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Television pilots that crash and burn

You could have seen Keifer Sutherland in a small screen ‘L.A. Confidential’
/ Source: Forbes

A single mother turned bounty hunter. A small town facing a natural disaster. A man who loses his memory for an hour every day.

Sound like compelling television? Network executives thought it did — or at least they did five months ago. But there's a good chance viewers will never get to find out for themselves.

This is the week the broadcast networks put on their “upfronts” in New York City — a series of hype-heavy presentations where they parade their wares in front of advertisers in hopes of convincing them to spend billions.

But though the networks commission some 100 pilot episodes of new shows every year, at a cost of more than $300 million, they will only end up adding 30 or so to their 2006-07 schedules. That means shows like “Julie Reno, Bounty Hunter,” which News Corp.'s Fox ordered up this year, Jericho, which CBS commissioned, and “Sixty Minute Man,” which The Walt Disney Company's ABC paid for, may never be seen by the viewing public.

A handful of shows find new life after the networks reject them. Several years ago, CBS ordered up Ed, a quirky drama created by David Letterman's Worldwide Pants production company, but ended up passing on it and handing the show over to General Electric's  NBC, where it ran for four seasons. A few others, like “Ethel is an Elephant,” about a photographer who lives with, um, an elephant, and “Heat Vision And Jack,” about a renegade astronaut and his talking motorcycle, have found audiences on the Internet or on television shows that celebrate failed television shows.

But despite efforts on the parts of the networks that pay for the pilots and the studios that make them, pilot season remains an expensive exercise in futility: Lots of time, money and effort is spent creating entertainment that no one will ever see.

“It's not until you sit in a room and watch the show that you know whether it works or not,” says Scott Arnovitz, senior vice president of TV packaging at talent agency International Creative Management. “Great pilots are the convergence of a great script, great casting and great direction. And unfortunately, you don't know whether those three things come together until they're actually made.”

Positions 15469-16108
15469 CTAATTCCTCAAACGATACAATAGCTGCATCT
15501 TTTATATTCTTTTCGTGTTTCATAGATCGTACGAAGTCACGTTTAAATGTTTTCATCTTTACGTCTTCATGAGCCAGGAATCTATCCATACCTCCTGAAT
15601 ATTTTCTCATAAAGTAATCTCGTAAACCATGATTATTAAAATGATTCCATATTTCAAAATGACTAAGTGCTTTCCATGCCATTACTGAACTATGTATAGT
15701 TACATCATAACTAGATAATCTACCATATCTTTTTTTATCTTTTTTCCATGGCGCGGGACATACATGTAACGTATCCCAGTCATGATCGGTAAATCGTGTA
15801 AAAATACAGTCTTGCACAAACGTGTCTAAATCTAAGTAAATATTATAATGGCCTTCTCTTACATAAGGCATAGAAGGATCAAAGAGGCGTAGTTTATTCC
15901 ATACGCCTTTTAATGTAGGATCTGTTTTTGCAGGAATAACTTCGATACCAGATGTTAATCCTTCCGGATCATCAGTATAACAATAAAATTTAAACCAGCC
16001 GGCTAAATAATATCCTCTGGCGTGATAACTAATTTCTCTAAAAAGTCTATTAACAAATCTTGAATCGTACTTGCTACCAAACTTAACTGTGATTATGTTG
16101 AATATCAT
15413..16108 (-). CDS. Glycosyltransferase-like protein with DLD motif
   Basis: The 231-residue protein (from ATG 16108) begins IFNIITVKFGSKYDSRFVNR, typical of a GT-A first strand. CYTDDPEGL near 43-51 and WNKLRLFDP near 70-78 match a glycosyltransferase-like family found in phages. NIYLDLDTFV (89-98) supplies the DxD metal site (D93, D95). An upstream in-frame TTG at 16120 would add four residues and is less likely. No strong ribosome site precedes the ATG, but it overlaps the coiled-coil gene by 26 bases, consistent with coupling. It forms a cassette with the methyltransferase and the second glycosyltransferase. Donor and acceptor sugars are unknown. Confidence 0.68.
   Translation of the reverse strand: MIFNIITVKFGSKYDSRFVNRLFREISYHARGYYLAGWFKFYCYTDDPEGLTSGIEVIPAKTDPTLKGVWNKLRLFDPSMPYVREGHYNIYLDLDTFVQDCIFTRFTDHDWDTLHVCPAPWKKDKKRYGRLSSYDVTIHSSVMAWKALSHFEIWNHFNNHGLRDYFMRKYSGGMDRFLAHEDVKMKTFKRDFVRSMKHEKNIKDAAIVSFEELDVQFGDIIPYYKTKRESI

While the timing may change slightly, the pilot process remains the same year after year. The networks spend the fall months listening to several hundred pitches and ordering a few hundred to return as scripts. In January, the networks give the go-ahead to film a pilot to some 100 scripts. Over the next five months, those pilots are cast, filmed and delivered back to the networks, where they are screened, tested and heavily debated.

The networks make their final decision in mid-May, sometimes waiting until the day before their advertising presentation to make up their minds. In the meantime, millions have been spent on each show they've ordered: A half-hour comedy pilot can cost $3 million to make, and an hour drama can run as much as $6 million.

Television economics, which are convoluted to begin with, get even more twisted during pilot season, when networks and studios spend more on shows no one may ever see than they do on their regular programming.

One reason is that pilots start from scratch, so some costs that would normally be spread out over 22 episodes — like building sets — get condensed into one show. An average pilot will employ 150 people, according to FilmLA, a nonprofit film-permit agency. But costs also ratchet up because the show's producers want to make a good impression.

“Pilots are your sales tools, so you're going to blow up buildings and have helicopters and do all kinds of crazy things,” says Jim Sharp, executive vice president of production at News Corp.'s 20th Century Fox studio, which makes shows for both the Fox network and rival broadcasters. “On the episodes, you're going to be a little less ambitious.”

But it's more than automobiles and explosions that will cost big bucks this pilot season. The networks and studios paid a premium — sometimes more than $1 million above normal costs — for big name actors, directors and producers.

“It's a mad rush,” says Kim Miscia of Bowling/Miscia Casting, which filled the ranks of NBC's Medium. “Everyone's going after the same talent all at once.”

This year's pilot roster includes Ted Danson, Tina Fey, Calista Flockhart, Elton John, Spike Lee, John Lithgow, Amanda Peet, Matthew Perry and James Woods, none of whom come cheap.

Networks typically pay about half of a pilot's cost, while producers gamble and put up the rest. That means they're typically losing millions each year and won't recoup any of it unless a show makes it into syndicated repeats, typically after four years — something only about 15% do.

“We are in the hit business,” explains 20th Century Fox's Sharp. “You've got to make sure that once in a while you make a hit, otherwise you can actually go out of business in a couple of years.”